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  • Naside Gozde Durmus,

    1. Department of Biomedical Engineering, Boston University, Massachusetts
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  • Utkan Demirci,

    1. Department of Medicine, Center for Biomedical Engineering, Brigham and Women's Hospital, Harvard Medical School, 65 Landsdowne Street, Rm 265, Cambridge, Massachusetts 02139; telephone: 617-768-8395; fax: 617-768-8477
    2. Harvard-MIT Division of Health Sciences and Technology, Massachusetts Institute of Technology, Cambridge, Massachusetts 02139
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  • Ali Khademhosseini

    Corresponding author
    1. Department of Medicine, Center for Biomedical Engineering, Brigham and Women's Hospital, Harvard Medical School, 65 Landsdowne Street, Rm 265, Cambridge, Massachusetts 02139; telephone: 617-768-8395; fax: 617-768-8477
    2. Harvard-MIT Division of Health Sciences and Technology, Massachusetts Institute of Technology, Cambridge, Massachusetts 02139
    • Department of Medicine, Center for Biomedical Engineering, Brigham and Women's Hospital, Harvard Medical School, 65 Landsdowne Street, Rm 265, Cambridge, Massachusetts 02139; telephone: 617-768-8395; fax: 617-768-8477.
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  • J.H.P. and B.G.C. designed and performed the experiments, and analyzed the data. W.G.L. fabricated agarose channels and analyzed the data. J.S.K. conceived the methodology for creating micropores and analyzed confocal images. M.B. measured the porosity and characterized mechanical strength. J.S. characterized diffusion coefficient and profiles. S.H.L. synthesized biomaterials, characterized porosity, and analyzed the data. C.H. performed cell experiments and analyzed the data. G.D. created and characterized pores within agarose gels using sucrose mixtures. U.D. helped in analysis of the data. A.K. supervised the work and conceived of the idea. All authors read and wrote the paper.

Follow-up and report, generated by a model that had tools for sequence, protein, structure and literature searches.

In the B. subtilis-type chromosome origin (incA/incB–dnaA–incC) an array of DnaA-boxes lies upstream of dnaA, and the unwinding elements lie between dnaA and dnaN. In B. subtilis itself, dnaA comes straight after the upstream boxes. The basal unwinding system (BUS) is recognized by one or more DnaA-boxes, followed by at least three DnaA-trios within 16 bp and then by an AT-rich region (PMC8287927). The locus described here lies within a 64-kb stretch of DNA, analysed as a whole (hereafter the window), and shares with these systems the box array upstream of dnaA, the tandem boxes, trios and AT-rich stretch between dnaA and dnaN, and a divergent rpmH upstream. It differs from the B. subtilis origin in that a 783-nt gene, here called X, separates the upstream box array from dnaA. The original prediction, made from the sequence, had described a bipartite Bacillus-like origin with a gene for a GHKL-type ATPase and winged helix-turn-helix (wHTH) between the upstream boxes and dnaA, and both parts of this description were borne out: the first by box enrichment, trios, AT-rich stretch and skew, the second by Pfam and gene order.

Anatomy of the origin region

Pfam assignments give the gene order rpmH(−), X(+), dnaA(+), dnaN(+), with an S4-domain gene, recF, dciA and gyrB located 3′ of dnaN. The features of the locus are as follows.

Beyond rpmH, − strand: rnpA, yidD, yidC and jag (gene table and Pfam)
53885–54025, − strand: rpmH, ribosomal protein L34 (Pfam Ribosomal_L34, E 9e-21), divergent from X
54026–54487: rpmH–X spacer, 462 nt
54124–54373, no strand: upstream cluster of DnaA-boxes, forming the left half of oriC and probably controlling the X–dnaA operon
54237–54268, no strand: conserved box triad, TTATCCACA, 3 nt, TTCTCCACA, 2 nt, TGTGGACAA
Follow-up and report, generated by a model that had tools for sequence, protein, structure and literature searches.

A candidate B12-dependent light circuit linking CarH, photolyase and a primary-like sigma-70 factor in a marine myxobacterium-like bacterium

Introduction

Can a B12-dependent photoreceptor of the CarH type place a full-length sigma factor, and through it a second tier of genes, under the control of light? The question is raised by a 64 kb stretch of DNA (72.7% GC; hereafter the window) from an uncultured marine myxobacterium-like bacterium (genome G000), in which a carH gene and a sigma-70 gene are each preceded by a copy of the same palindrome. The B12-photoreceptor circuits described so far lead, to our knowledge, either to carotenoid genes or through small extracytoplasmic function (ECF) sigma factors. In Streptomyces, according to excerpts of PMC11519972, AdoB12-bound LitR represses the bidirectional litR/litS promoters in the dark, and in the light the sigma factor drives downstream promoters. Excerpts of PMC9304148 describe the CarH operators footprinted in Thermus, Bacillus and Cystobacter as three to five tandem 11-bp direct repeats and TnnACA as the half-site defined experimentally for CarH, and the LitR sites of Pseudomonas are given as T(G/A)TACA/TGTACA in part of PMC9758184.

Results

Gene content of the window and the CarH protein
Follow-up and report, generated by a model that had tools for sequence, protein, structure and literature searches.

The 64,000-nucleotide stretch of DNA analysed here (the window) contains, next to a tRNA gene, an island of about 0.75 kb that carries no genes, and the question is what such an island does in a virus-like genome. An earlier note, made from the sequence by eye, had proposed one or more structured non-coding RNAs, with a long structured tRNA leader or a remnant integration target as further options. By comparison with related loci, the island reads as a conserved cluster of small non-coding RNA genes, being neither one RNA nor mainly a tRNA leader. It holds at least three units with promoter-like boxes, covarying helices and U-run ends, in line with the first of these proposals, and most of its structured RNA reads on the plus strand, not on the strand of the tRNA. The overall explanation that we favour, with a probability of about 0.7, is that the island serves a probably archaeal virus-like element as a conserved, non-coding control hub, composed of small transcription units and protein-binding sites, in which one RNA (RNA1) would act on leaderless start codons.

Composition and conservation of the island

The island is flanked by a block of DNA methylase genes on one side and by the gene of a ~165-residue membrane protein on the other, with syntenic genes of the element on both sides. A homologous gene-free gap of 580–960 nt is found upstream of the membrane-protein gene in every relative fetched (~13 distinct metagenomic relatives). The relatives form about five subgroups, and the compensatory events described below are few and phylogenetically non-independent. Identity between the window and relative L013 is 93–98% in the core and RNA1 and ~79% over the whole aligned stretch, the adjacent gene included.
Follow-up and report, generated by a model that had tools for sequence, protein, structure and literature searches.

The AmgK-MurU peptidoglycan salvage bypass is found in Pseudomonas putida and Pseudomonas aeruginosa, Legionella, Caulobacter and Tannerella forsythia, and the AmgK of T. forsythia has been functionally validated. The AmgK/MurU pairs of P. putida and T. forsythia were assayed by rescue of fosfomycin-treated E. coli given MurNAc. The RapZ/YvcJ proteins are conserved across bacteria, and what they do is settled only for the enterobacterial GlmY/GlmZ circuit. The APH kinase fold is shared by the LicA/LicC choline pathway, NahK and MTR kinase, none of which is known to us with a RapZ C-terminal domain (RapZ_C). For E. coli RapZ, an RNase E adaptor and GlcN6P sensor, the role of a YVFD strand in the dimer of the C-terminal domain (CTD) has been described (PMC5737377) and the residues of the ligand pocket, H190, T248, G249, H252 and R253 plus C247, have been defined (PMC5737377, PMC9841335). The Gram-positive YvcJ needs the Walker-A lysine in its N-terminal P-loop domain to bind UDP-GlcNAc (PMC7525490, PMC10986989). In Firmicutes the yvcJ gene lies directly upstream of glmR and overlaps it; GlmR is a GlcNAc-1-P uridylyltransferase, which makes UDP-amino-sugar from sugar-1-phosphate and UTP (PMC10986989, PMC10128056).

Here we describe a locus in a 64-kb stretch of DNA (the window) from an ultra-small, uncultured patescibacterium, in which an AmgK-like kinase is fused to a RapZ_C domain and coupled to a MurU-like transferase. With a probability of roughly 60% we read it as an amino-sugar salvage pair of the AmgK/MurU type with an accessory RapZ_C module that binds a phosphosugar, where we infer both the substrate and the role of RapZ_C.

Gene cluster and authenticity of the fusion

• Jae Hong Park and Bong Geun Chung equally contributed to this work.

Abstract

In this article, we describe an approach to generate microporous cell-laden hydrogels for fabricating biomimetic tissue engineered constructs. Micropores at different length scales were fabricated in cell-laden hydrogels by micromolding fluidic channels and leaching sucrose crystals. Microengineered channels were created within cell-laden hydrogel precursors containing agarose solution mixed with sucrose crystals. The rapid cooling of the agarose solution was used to gel the solution and form micropores in place of the sucrose crystals. The sucrose leaching process generated homogeneously distributed micropores within the gels, while enabling the direct immobilization of cells within the gels. We also characterized the physical, mechanical, and biological properties (i.e., microporosity, diffusivity, and cell viability) of cell-laden agarose gels as a function of engineered porosity. The microporosity was controlled from 0% to 40% and the diffusivity of molecules in the porous agarose gels increased as compared to controls. Furthermore, the viability of human hepatic carcinoma cells that were cultured in microporous agarose gels corresponded to the diffusion profile generated away from the microchannels. Based on their enhanced diffusive properties, microporous cell-laden hydrogels containing a microengineered fluidic channel can be a useful tool for generating tissue structures for regenerative medicine and drug discovery applications. Biotechnol. Bioeng. 2010; 106: 138–148. © 2010 Wiley Periodicals, Inc.